Ronda Rousey is all over the place right now, as she once again held onto her place as UFC bantamweight champion in less than a minute. Her book, My Fight / Your Fight has been steadily selling since its release in May, and I imagine sales will continue to increase after her incredible August 1 victory.
Here are a few other books about strong women–both inside and outside any kind of ring–who solve a few (though not all) of their problems with their fists.
This novel, told in three revolving narratives, centers around events leading up to and following a boxing match at–you guessed it–a fair. Ruth, our Lady Pug, is at the center of this tale. Having grown up in a Bristol whorehouse, she would probably be a bit rough around the edges even if a gentleman hadn’t built up her chances with street fighting around town. Dandy gambler George and the ever-evolving Charlotte round out the experience, allowing us to get a full circle view of a world many of us have never seen.
This collection of short stories is based upon the life of boxing manager and trainer Jerry Boyd. The title story, “Million Dollar Baby,” is more than likely familiar thanks to Hillary Swank. For the uninitiated, it is about the relationship between a trainer and boxer–both when she is working on her trade, and when both are working on their lives.
At over ten years old, this memoir could probably do with an update of the path Laila Ali has taken since 2002, but it still stands as a text of reflection and inspiration through the eyes of one of the most famous female boxers of all time. With a combination of looking back and advice for the future, Ali gives people of all ages something to consider about themselves, and aims to drive us towards our best, most confident self.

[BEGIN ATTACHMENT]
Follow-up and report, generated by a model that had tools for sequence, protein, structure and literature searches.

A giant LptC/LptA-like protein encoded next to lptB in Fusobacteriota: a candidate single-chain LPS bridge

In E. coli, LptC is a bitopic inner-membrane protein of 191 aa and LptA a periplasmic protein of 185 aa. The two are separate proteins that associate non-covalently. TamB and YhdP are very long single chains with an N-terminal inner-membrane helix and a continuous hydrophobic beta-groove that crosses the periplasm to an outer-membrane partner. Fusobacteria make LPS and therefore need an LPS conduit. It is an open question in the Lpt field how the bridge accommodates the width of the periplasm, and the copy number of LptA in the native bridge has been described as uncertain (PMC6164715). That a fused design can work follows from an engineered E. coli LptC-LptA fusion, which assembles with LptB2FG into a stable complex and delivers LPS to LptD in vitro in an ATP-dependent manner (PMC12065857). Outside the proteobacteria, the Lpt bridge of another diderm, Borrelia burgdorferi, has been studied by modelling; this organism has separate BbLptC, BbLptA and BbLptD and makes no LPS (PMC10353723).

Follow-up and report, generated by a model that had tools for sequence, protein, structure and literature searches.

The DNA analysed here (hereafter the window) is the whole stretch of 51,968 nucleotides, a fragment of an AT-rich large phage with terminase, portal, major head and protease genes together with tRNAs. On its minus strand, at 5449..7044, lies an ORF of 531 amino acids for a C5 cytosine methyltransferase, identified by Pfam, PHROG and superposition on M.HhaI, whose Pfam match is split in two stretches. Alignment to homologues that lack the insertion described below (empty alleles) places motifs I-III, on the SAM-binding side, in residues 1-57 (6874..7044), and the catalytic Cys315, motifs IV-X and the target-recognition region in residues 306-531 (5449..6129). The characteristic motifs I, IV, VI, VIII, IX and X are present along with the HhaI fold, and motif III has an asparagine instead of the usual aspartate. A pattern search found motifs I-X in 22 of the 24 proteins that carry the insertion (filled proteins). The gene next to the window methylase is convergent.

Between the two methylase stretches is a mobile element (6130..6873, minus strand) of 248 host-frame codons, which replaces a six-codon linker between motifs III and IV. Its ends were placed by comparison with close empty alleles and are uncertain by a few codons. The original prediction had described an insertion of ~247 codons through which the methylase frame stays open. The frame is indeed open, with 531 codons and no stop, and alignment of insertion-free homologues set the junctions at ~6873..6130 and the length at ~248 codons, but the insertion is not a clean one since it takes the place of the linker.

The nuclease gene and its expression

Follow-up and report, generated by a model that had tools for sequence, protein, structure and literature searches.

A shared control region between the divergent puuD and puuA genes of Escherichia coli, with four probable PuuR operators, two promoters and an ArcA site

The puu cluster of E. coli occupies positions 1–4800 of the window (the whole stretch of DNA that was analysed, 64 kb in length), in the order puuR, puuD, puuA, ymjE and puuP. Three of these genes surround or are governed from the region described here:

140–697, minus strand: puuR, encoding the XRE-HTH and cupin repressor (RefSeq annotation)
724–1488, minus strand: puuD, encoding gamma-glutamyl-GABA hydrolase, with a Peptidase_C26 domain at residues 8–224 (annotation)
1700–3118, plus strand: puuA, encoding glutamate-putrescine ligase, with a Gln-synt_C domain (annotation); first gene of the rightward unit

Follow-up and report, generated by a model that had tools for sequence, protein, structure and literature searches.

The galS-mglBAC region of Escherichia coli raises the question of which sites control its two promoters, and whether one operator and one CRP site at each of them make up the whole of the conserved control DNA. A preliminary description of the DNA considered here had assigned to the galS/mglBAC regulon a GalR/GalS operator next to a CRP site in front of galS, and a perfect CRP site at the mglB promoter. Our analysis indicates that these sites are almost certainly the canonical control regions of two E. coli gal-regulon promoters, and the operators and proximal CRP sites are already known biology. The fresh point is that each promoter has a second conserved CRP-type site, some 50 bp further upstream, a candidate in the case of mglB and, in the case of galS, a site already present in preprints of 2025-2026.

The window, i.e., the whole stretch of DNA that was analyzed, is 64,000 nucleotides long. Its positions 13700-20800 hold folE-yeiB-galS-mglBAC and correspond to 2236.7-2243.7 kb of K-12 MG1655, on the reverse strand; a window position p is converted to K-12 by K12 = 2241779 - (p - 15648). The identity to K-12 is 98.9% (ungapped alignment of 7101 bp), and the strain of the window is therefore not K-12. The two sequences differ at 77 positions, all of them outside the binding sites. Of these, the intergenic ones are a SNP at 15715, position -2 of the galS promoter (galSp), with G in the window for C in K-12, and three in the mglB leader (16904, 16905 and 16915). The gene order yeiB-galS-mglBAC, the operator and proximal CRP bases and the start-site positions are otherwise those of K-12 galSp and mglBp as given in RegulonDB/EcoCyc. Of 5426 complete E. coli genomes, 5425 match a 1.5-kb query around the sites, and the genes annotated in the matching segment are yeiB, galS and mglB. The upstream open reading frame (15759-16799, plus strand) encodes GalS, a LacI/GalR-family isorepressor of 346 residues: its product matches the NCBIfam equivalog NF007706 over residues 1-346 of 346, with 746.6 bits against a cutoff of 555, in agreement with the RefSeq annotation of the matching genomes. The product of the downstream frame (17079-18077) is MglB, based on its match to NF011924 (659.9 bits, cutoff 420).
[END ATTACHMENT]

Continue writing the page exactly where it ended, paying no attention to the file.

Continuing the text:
If historical fiction and nonfiction aren’t your jam, but you still want to read about an unapologetic ass-kicking woman, Shadowboxer is where it’s at. The first novel in the Tapped Out new adult MMA romance series is one of far too few contemporary novels featuring a female fighter protagonist. In this case, Mia wants to take down the current underground MMA leader. The fact that he is a man is of no consequence. The problem is, he wants her. And he will–literally–fight for her.
Shadowboxer got me thinking: out of the dozens of MMA romances that now–for some reason–exist, there are only a few that I could find that do not feature a sweaty male torso as the centerpiece of the cover. And even in those cases, the sweaty male torso is often very extensively described in the text. With the popularity of Ronda Rousey and her competitors (have you seenThe Ultimate Fighter? There are so many women who do this), can we hope that publishing will follow?